May 21, 1992 - May 21, 2025

  • Date:30SundayJanuary 2022

    Zoom: M.Sc thesis defense: "Investigation of the ceramic – polymer interface in composite solid electrolyte by Nuclear Magnetic Resonance Spectroscopy"

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    Time
    13:00 - 14:00
    Lecturer
    Chen Oppenheim
    M.Sc student of Dr. Michal Leskes
    Organizer
    Department of Molecular Chemistry and Materials Science
    Contact
    AbstractShow full text abstract about https://weizmann.zoom.us/j/97328767376?pwd=MkZoQ0hmbVVRank0b...»
    https://weizmann.zoom.us/j/97328767376?pwd=MkZoQ0hmbVVRank0bzkxbGpqSUdYUT09
    passcode: 891716

    Lithium-ion batteries with liquid electrolytes are commonly employed for powering portable electronic devices. To expand the range of applications where Li ions batteries can be used (e.g., electric transportation), solid electrolytes are considered as a safer alternative to the liquid electrolytes and they may enable use of lithium metal anodes. In this study we focused on composite solid electrolytes which are based on solid polymer (Polyethylene Oxide) and ceramic particles (Li1.5Al0.5Ge1.5P3O12, LAGP). Previous studies revealed that the highest ionic conduction path in the composites is through the interface polymer - ceramic interface. However, the chemical nature of the interface and the reason for its higher conductivity remains unclear. We aim to gain molecular - atomic level insight into the nature of the polymer - ceramic interface from solid state NMR spectroscopy. Here, I will present the development of a solid - state NMR approach that can potentially be used to selectively probe the interface. To gain sensitivity and selectivity Dynamic Nuclear Polarization (DNP), a process in which high polarization from unpaired electrons is transferred to surrounding nuclear spins will be employed. Several metal ion dopants were tested for their DNP performance in LAGP powder, and Mn2+ ions were further examined in their efficacy in the composite electrolyte. The approach was tested for selectively enhancing the NMR signal of the PEO - LAGP interface. Electrochemical characterization and in - depth solid state NMR studies provided insight into the performance of the composite and degradation processes in the composite.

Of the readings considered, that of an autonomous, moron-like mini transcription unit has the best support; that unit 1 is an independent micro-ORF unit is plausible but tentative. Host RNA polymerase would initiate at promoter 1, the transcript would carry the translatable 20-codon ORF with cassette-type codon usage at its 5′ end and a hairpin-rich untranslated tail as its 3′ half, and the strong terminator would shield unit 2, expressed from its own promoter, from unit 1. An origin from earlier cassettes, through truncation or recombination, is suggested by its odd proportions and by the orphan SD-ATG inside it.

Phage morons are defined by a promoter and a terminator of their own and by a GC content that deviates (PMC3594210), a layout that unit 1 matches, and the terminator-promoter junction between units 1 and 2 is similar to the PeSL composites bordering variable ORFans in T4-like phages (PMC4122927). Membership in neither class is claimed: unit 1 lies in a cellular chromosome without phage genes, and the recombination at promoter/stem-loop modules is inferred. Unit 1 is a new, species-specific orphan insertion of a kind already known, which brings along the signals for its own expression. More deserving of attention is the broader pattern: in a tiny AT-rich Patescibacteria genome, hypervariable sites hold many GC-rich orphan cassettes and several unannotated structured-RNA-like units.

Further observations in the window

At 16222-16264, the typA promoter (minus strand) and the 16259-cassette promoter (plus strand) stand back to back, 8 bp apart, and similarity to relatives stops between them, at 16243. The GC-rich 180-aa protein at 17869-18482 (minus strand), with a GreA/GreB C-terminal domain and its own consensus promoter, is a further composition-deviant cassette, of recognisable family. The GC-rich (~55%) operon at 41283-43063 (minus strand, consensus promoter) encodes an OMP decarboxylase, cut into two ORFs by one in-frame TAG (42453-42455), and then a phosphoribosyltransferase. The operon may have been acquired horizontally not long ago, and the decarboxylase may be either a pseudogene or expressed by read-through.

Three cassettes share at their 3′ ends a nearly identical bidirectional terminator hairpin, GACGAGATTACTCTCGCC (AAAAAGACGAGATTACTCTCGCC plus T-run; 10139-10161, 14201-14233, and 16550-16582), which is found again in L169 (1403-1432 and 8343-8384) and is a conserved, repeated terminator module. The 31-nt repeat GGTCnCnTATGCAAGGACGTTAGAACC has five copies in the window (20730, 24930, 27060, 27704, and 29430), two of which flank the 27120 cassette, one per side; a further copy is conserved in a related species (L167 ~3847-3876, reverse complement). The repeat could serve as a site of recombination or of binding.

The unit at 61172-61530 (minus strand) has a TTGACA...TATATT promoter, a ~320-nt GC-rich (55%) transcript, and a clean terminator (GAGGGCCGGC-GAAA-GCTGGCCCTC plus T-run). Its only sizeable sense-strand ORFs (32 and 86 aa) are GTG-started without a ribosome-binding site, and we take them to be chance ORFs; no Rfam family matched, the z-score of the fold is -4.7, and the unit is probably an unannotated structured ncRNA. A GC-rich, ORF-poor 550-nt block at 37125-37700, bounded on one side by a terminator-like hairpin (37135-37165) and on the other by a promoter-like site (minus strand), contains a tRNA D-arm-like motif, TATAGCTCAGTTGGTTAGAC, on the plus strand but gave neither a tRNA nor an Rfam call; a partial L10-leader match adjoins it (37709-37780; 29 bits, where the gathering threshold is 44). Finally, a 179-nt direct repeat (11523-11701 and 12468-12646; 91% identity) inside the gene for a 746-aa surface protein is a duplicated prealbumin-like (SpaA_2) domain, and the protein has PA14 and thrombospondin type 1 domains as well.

Lecture